Governor orders seniors to remain ‘Safer at Home’

Editor & Publisher

Last Thursday at midnight, a ‘Safer at Home’ order by Governor Ron DeSantis instructed senior citizens and those with underlying medical conditions to stay at home in order to limit their exposure to COVID-19.

What does this specifically mean for Longboat Key residents who average 70 years old? Is it a directive, a law, or a suggestion?

According to Longboat Key Town Manager Tom Harmer it is “a heightened message saying you should stay home unless you have essential services or activities.”

Harmer said the Town asked the Sarasota County Emergency Office to render an opinion on what that specifically meant and he was told that it means seniors still have access to essential services but the fundamental is, “We want the elderly to stay in place.”

A violation of the Governor’s order would be met on Longboat Key with a spirit of educating the public since the effort is to protect, said Harmer.

Harmer said that the past week has seen an increase in deaths in Sarasota, cases of Coronavirus on Longboat Key as well as an increase in medical transports to Sarasota Memorial Hospital. There were seven deaths in Sarasota County attributed to the Coronavirus on Friday, said Harmer.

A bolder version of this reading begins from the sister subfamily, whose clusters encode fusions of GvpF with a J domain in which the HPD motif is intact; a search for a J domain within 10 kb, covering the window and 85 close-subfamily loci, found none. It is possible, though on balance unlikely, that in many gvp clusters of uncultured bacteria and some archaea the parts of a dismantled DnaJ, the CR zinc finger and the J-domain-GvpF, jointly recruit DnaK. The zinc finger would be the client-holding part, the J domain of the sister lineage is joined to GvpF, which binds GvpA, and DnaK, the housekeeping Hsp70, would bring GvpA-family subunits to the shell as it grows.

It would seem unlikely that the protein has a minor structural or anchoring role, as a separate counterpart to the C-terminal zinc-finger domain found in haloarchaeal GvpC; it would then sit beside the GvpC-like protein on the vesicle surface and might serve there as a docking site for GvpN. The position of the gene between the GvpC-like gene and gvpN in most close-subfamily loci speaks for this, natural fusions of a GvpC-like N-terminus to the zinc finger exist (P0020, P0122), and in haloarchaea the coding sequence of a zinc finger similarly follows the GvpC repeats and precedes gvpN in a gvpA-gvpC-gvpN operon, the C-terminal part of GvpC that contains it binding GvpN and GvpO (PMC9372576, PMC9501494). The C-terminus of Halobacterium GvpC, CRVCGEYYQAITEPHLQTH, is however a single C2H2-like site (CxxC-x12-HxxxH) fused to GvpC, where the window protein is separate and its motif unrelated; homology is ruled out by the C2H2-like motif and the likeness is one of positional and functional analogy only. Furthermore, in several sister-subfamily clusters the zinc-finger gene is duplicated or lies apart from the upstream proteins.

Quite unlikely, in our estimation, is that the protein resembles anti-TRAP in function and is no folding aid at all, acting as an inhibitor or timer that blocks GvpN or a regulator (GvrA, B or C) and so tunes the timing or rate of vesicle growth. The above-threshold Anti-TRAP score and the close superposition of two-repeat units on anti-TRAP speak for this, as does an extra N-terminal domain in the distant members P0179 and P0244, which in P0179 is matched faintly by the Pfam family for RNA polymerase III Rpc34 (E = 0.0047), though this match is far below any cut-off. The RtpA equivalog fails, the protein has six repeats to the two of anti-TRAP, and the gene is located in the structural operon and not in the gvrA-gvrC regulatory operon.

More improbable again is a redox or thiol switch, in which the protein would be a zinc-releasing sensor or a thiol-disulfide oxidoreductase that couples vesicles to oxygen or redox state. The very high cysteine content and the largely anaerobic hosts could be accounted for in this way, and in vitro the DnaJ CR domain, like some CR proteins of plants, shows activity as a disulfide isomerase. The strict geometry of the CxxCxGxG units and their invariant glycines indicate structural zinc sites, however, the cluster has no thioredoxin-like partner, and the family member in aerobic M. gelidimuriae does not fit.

Part of the Governor’s order is to close all non-essential businesses and services. Further, the order encourages all businesses to provide delivery, carry-out or curbside service to the greatest extent possible.

Harmer said on his immediate wish list is a desire for the Longboat Key Publix to provide a better system for delivery and pickup of groceries. Currently, there is no ability to email or call in a grocery order and have it ready for pickup or delivery. There are companies that will perform the service, such as Instacart, but they have seen their operation strained due to the exponential demand since the outbreak.

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